I am going to pull my focus on the movie Tom mentioned, "West of the Tracks" which is an example of deindustrial space. This film is about the struggle of factory workers trapped by economic change, once promised glory during the Chinese revolution. This film has great educational and cultural value. This film can give people of other nations an insight to the endeavors these men endured. I want to compare this film to "Grand Illusion," both films create a perception of there country's stress. Using both a social and domestic plot to pull in viewers to the horrific detail of there situation. The diegesis has both heros and villeins making a world of cinema come alive to inform and entertain.

I am going to pull my focus on the movie Tom mentioned, "West of the Tracks" which is an example of deindustrial space. This film is about the struggle of factory workers trapped by economic change, once promised glory during the Chinese revolution. This film has great educational and cultural value. This film can give people of other nations an insight to the endeavors these men endured. I want to compare this film to "Grand Illusion," both films create a perception of there country's stress. Using both a social and domestic plot to pull in viewers to the horrific detail of there situation. The diegesis has both heros and villeins making a world of cinema come alive to inform and entertain.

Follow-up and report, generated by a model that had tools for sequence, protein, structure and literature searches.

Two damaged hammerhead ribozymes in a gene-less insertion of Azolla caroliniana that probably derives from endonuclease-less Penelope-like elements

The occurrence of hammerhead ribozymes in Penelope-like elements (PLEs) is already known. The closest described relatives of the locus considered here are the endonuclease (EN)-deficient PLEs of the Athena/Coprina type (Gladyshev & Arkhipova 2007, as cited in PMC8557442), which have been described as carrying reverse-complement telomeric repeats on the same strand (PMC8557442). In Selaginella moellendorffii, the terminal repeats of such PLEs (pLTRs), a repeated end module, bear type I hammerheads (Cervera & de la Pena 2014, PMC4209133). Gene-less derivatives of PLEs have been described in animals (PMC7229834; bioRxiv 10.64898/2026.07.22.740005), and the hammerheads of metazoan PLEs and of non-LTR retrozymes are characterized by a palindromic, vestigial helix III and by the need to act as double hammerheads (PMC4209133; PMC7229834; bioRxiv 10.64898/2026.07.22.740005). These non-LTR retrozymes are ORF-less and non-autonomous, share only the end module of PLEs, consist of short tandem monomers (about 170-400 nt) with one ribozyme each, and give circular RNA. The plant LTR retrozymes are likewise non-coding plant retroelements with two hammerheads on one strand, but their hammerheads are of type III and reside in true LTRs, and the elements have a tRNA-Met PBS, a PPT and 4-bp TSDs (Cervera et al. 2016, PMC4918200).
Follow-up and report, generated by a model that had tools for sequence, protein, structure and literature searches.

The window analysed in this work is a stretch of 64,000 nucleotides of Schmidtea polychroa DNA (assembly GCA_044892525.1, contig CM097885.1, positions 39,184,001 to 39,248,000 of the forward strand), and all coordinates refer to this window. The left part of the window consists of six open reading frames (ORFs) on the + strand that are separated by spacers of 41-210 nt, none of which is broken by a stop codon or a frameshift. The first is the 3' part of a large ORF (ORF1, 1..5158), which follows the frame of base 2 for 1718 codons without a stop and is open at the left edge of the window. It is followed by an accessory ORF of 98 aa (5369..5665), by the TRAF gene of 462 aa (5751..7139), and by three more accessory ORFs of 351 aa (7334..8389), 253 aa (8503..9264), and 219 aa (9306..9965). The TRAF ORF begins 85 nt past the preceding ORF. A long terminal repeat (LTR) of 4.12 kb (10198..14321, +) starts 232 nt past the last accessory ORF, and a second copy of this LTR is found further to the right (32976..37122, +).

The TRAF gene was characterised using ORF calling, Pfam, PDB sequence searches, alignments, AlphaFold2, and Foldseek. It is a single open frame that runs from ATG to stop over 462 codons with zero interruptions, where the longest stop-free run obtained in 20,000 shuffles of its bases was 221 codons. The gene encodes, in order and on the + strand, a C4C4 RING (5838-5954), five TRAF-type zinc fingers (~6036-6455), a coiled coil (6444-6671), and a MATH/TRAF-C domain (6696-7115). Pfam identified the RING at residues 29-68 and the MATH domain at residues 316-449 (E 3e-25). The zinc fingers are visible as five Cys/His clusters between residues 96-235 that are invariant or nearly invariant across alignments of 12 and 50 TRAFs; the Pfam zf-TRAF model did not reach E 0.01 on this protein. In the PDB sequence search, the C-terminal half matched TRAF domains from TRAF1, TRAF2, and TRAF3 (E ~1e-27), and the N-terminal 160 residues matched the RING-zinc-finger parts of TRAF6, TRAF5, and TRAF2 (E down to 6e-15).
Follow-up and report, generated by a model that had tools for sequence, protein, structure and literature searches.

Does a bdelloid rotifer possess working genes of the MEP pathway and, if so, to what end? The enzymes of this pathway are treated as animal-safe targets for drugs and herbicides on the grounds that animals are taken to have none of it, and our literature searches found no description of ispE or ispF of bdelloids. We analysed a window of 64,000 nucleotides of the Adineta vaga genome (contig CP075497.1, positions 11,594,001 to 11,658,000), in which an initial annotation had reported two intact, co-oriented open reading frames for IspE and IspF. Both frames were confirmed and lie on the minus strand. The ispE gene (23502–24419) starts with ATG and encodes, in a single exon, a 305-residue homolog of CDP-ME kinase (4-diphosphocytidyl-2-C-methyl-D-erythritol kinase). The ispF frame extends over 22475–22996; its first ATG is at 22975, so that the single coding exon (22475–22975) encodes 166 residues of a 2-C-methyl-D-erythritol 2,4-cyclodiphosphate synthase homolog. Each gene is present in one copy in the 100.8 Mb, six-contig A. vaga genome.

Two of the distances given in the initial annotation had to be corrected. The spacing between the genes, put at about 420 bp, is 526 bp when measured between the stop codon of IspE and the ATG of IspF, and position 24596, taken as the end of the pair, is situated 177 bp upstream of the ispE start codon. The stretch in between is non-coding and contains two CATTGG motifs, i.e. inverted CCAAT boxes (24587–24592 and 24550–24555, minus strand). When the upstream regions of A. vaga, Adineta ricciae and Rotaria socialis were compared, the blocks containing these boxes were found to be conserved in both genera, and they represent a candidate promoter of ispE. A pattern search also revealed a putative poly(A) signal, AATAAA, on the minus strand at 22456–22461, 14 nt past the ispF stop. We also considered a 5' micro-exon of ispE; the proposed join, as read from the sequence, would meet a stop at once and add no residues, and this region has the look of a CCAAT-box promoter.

Just like the economy it seems like film stylize are always being "industrialized" too. Through the course of this film analysis class we have learned about several film movements such as the Nouvelle Vague, German Expressionist Movement, and the Fifth Generation Chinese Cinema. All of these countries were trying to break out and start their own cinema, especially during the German Movement, and eventually each country created a name for itself in cinema. I am sure Jamestown will eventually come along and become a great town again like it once was.

I think that this is extremely interesting and I am looking forward to reading more from this blog. This isn't something I would generally give a great amount of thought to because, I am sad to admit, I grew up and still live in an economic bubble. Where I live is one of the fastest growing counties on the East coast and the poverty and unemployment rate is extremely low. I'm embarrassed to admit that sometimes I forget how extremely lucky I am to grow up in such a privileged area (and nation). I'm looking forward to reading more from you, especially since this was just recently a topic I discussed with my family.